TTU Home Student Counseling CenterDepression/Suicide Pamphlet

Depression/Suicide Pamphlet

By: Chris Smith, M.A.

Print This Print This Page

 

Depression

 

At some point in everyone’s life they will feel “blue” or “down in the dumps”. We are dynamic beings and our emotions can change and be influenced by what is going on in our lives. A poor test grade, an argument with a good friend, or the loss of a job can all make us feel sad and these feelings may go away after a short period of time. Depression on the other hand can be long lasting, more intense, and have potentially deadly consequences.

If a person feels down most days for a long period of time (weeks or months) they might be depressed. People who are depressed often:

Although we all might feel one of these symptoms at any given moment, when we are depressed we are more likely to feel a number of these and aspects of our lives may suffer. We might pull away from friends and do poorly in school.  

 

Getting help

When you are depressed it is hard to think that things will get better or that anything you do will help. It is important to seek out professional help if you think you might be depressed. Mental health professionals can help you with your depression using talk therapies, medication, or a combination of both.

 

Helping a Friend

When someone you care about is depressed it is hard to sit by and watch them as they feel worse about themselves. If you think someone is depressed: offer to talk with them and help them seek out appropriate help.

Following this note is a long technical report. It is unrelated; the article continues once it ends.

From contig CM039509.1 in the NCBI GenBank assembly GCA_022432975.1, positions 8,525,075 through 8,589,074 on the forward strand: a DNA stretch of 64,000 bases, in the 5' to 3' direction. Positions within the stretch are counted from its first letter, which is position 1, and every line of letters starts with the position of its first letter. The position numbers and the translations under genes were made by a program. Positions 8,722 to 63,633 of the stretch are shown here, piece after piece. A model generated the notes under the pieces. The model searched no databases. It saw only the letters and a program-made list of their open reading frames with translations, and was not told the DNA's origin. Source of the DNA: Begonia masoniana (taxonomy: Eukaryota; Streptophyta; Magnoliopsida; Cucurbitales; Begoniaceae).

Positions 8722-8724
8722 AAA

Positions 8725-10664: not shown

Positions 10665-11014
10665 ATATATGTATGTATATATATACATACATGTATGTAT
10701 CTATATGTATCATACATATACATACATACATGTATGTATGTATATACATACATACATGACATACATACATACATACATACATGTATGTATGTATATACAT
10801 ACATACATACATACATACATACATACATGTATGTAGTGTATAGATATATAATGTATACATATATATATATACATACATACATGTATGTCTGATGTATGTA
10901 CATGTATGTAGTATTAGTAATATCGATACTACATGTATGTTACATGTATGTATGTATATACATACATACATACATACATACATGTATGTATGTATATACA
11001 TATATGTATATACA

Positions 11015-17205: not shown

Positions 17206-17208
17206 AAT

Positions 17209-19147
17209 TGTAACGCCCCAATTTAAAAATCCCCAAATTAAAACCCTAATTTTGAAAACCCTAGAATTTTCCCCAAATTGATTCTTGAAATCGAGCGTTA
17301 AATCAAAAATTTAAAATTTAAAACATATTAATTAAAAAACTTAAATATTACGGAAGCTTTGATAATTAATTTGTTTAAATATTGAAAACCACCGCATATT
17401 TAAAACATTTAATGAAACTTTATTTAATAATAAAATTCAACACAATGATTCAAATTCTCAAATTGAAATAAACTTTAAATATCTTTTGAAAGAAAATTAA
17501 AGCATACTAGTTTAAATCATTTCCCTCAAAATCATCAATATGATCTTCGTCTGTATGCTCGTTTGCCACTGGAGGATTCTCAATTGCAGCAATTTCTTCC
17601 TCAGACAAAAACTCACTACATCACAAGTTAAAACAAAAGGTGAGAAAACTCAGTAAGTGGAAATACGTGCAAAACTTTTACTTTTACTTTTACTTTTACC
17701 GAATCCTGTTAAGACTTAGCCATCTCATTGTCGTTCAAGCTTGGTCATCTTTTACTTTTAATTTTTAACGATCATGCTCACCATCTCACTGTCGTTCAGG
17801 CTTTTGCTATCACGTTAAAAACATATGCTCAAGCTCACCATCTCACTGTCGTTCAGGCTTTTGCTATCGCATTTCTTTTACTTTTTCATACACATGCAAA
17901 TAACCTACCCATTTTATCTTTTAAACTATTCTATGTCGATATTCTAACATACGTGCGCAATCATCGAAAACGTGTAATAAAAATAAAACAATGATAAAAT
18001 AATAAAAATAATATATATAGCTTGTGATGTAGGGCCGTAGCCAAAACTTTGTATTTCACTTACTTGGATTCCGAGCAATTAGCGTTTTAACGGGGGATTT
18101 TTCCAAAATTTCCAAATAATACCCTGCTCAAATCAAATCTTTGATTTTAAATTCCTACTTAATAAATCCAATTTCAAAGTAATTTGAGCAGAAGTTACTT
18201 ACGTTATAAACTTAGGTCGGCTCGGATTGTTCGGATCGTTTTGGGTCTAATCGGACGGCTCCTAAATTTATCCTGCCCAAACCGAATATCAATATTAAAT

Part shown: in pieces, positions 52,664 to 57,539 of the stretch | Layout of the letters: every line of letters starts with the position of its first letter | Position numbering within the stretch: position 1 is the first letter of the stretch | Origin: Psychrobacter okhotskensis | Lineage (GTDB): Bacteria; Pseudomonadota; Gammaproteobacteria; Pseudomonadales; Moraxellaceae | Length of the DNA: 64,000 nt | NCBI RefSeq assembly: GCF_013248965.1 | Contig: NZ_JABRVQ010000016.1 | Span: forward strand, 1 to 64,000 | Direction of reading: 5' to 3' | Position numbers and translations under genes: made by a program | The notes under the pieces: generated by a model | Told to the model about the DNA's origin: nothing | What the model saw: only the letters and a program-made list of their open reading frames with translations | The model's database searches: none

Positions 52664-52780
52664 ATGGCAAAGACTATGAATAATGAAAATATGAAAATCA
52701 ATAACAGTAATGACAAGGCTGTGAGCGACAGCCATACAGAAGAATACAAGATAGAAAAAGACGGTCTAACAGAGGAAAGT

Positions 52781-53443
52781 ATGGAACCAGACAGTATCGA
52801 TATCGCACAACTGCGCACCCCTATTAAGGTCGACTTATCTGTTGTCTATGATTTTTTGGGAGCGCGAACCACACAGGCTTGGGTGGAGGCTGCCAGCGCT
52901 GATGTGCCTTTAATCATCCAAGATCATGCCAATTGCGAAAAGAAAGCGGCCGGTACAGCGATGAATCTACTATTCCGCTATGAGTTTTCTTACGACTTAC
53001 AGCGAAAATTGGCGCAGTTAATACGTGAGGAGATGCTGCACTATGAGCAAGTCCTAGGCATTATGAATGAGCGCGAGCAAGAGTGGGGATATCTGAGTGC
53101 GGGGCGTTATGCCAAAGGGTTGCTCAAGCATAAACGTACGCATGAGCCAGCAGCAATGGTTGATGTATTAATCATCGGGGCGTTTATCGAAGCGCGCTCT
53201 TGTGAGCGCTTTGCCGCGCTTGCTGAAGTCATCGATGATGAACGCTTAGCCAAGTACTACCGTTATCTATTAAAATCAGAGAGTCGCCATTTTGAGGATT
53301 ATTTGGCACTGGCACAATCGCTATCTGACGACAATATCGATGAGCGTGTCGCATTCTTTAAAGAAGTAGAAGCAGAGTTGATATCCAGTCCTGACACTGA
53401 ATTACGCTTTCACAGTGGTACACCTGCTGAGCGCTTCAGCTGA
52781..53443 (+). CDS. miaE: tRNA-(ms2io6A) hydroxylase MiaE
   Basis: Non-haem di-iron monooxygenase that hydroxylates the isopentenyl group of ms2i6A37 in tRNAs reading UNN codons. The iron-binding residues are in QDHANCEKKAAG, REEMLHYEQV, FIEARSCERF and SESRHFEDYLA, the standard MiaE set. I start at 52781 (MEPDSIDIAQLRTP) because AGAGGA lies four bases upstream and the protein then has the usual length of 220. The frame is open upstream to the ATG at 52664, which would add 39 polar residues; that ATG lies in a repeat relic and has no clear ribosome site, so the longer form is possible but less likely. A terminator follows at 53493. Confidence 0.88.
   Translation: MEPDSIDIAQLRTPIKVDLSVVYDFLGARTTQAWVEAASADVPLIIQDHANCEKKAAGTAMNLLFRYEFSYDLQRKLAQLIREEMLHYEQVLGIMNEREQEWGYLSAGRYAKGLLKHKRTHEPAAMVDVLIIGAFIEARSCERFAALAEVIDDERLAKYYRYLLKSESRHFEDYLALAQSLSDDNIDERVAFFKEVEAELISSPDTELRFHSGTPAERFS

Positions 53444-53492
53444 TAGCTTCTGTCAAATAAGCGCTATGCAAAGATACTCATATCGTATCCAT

Suicide

 

Sometimes when things are bad in our lives or we feel out of control we might think about dying and suicide. Almost all people at one point or another think about suicide, but most realize that suicide is not a solution to their problems.  However, when someone is feeling overwhelmed and out of control they may have difficulty thinking clearly and making rational decisions. They will experience difficulties with sleep, work, and relationships. Often they feel that they cannot get out of their depression and that there situation is ultimately hopeless. When people feel like this they are more likely to think about ending their life and may attempt suicide.

How to Help a Friend

Suicide Warning Signs

 

Suicide Myths and Facts (from NHCHC.ORG)

Myth: Suicide happens without warning.
Fact: There are almost always warning signs, but others are often unaware of the significance of the warnings or unsure about what to do.

Myth: People who talk about suicide do not commit suicide.
Fact: Most people who commit suicide have talked about or given definite warning signs of their suicidal intentions.

Myth: Improvement in a suicidal person means the danger is over.
Fact: Many suicides occur several months after the beginning of improvement, when a person has energy to act on suicidal thoughts.

Myth: Suicide is more common in lower socio-economic groups.
Fact: Suicide cuts across social and economic boundaries.

Myth: All suicidal individuals are depressed.
Fact: Depression is often associated with suicidal feelings but not all persons who attempt or commit suicide are depressed. A number of other emotional factors may be involved.

Myth: Asking “Are you thinking about committing suicide?” may trigger a person to make a
suicide attempt.
Fact: Asking direct, caring questions about suicide will often minimize a person’s
anxiety and act as a deterrent to suicidal behavior.

 

Resources

Center for Disease Control - http://www.cdc.gov/ViolencePrevention/suicide/index.html
American Association of Suicidology  - www.suicidology.org

 

Top of Page